Las Vegas – Just before the court deadline at 11:03 PM MST on September 28, 2017 Ammon Bundy defense attorney Morgan Philpot filed a formal request for jury instructions in the upcoming criminal trial scheduled to begin Tuesday, October 10 of Bundy. The filing included a request and supporting legal authority that the jury should be instructed that:
“Defendants’ rights to possess and carry firearms are not on trial. Under the Second Amendment to the United States Constitution, a person has the right “to keep and bear arms,” that is to own, to possess, and to carry firearms, including for the purposes of participating in a citizen militia. Thus, [a] defendant’s possession and use of a firearm and participation in, or association with, militia activity for the purpose of resisting tyranny and usurpations of power by the federal government is protected by the Second Amendment unless that defendant intended his actions to constitute a deliberate act of force, threat or intimidation against an officer of the United States in furtherance of the alleged conspiracy charged in Count two.
In his filing, Philpot cited as support, several prior cases from the Ninth Circuit Court of Appeal and the United States Supreme Court. Back in 2008, in a landmark decision – District of Columbia v. Heller, 554 U.S. 570 (2008), the Supreme Court of the United States held that the Second Amendment protects an individual’s right to possess a firearm unconnected with service in a militia for traditionally lawful purposes, such as self-defense within the home. In reaching that conclusion, the Supreme Court referenced the long history of militia and militia rights of free citizens. Philpot cited the decision and its comparison of American’s rights to Militia participation as analogous to more commonly evoked First Amendment Rights.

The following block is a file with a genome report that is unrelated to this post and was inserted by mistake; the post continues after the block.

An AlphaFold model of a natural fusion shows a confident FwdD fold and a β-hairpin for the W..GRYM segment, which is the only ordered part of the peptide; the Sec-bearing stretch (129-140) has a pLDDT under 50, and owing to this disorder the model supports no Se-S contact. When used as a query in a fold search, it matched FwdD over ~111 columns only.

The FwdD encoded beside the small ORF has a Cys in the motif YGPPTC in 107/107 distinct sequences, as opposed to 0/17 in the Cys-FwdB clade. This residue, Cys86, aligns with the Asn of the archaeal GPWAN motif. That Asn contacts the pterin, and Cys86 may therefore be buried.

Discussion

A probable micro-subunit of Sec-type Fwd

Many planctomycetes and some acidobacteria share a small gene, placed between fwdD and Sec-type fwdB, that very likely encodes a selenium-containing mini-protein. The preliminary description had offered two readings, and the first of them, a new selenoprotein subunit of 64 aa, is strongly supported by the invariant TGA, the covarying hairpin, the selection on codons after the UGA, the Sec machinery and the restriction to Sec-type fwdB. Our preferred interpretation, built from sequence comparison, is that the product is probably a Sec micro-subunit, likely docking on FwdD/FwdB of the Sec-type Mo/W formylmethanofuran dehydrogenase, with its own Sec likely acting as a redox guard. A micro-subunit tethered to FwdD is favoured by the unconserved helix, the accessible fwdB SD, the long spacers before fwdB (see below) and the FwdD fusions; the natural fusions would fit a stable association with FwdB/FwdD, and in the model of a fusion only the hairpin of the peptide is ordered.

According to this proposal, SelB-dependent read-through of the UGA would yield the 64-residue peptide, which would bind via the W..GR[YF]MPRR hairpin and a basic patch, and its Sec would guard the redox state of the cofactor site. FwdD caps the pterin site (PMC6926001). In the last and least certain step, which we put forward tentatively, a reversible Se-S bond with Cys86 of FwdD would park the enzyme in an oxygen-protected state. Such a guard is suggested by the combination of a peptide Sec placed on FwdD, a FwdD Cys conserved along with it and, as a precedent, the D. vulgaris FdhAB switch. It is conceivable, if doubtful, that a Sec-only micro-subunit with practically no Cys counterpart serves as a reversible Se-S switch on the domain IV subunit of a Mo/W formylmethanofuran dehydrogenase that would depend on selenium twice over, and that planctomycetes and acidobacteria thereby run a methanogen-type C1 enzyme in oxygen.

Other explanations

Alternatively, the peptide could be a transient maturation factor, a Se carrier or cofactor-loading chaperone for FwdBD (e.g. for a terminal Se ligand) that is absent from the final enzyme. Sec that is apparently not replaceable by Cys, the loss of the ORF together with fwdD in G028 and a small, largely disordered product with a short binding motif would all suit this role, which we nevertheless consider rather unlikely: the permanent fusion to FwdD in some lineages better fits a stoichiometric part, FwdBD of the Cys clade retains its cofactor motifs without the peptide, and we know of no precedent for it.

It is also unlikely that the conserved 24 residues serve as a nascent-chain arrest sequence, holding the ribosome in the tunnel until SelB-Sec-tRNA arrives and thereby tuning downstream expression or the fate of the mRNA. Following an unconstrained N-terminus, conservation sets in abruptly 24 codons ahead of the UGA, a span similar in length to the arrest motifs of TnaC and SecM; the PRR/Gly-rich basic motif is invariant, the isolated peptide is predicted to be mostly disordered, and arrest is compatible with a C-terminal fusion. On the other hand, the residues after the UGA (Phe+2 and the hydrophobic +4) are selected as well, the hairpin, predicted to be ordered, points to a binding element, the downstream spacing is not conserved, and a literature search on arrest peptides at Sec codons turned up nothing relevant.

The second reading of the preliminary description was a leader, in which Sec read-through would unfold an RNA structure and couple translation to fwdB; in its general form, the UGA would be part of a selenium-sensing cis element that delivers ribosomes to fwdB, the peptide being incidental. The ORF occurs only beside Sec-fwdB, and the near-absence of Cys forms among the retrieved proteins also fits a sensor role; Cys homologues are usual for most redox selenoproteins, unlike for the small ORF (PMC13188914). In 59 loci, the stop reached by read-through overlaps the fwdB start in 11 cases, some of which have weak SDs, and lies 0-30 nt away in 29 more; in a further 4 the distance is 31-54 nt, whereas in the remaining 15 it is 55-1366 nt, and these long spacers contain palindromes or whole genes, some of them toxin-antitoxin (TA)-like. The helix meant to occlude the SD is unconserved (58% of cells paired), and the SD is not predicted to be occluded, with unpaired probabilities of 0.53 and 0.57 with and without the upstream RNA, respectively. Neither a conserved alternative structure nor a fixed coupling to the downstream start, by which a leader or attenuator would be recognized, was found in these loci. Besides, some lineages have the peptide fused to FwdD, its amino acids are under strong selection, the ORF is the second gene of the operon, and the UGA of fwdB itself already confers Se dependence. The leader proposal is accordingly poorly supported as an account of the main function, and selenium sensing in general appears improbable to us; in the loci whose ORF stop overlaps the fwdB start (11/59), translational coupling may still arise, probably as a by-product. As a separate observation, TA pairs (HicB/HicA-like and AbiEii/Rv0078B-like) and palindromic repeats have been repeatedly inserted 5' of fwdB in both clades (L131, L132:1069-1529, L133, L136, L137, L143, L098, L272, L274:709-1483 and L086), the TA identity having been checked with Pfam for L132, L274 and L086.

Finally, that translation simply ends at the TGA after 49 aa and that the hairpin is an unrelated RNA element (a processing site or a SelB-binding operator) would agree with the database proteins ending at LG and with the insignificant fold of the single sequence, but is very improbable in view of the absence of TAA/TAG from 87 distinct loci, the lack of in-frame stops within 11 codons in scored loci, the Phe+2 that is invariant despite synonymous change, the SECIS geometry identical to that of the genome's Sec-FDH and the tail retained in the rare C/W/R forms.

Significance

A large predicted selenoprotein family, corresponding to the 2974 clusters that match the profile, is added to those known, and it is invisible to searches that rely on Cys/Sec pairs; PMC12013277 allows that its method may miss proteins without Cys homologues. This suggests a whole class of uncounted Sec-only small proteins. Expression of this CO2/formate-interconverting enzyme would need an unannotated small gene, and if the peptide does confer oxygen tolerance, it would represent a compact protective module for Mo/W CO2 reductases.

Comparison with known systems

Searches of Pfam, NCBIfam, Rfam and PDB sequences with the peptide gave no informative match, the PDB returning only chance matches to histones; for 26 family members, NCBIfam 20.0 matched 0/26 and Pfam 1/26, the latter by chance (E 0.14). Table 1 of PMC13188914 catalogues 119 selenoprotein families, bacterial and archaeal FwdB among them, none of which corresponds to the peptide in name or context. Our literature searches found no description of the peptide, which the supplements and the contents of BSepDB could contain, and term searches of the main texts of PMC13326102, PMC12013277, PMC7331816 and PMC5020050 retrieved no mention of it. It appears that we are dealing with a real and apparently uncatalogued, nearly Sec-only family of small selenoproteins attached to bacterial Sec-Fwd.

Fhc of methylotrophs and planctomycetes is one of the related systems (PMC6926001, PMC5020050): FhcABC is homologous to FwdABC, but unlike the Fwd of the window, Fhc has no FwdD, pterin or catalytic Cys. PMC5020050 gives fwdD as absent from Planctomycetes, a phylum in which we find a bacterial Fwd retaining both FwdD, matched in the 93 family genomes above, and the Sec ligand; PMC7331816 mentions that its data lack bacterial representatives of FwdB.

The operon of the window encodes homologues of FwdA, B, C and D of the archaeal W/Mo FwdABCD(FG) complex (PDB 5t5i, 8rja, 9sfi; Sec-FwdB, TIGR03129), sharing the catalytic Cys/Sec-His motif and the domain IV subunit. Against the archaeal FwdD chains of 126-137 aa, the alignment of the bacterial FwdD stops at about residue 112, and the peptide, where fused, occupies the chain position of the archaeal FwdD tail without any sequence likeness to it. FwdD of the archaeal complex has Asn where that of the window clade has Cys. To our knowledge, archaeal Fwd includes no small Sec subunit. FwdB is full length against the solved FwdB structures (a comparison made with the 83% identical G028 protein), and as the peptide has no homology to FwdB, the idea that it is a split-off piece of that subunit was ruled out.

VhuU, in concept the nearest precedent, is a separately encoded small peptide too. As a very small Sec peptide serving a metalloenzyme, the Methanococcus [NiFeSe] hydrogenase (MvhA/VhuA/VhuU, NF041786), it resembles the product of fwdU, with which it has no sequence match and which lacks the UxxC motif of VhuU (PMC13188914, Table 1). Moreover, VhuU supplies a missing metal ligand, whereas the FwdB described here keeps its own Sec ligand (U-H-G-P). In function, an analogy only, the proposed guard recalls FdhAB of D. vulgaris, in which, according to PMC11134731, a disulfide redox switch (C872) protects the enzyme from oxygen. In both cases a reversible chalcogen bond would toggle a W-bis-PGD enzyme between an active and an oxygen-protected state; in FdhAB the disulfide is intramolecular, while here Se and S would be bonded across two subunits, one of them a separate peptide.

“The First Amendment contains the freedom-of-speech guarantee that the people ratified, which included exceptions for obscenity, libel, and disclosure of state secrets, but not for the expression of extremely unpopular and wrong headed views. The Second Amendment is no different.”
Philpot argued that “Mr. Bundy’s instruction correctly states the law as set forth in Heller, where the Supreme Court recognized the right to keep and bear arms in one’s home, as derived from a broader and uncontroversial right to bear arms in association with a citizens’ militia acting in response to federal overreach.”
Philpot also referenced the very direct instruction in Heller, citing Justice Story’s observation that, “The right of the citizens to keep and bear arms has justly been considered as the palladium of the liberties of a republic, since it offers a strong moral check against the usurpation and arbitrary power of rulers, and will generally, even if these are successful in the first instance, enable the people to resist and triumph over them.” Heller, 554 U.S. at 667-68. Philpot also wrote, “the Heller majority endorsed the militia’s ability to ensure that the people are “better able to resist tyranny,” including against “both public and private violence.” Id. at 594, 598.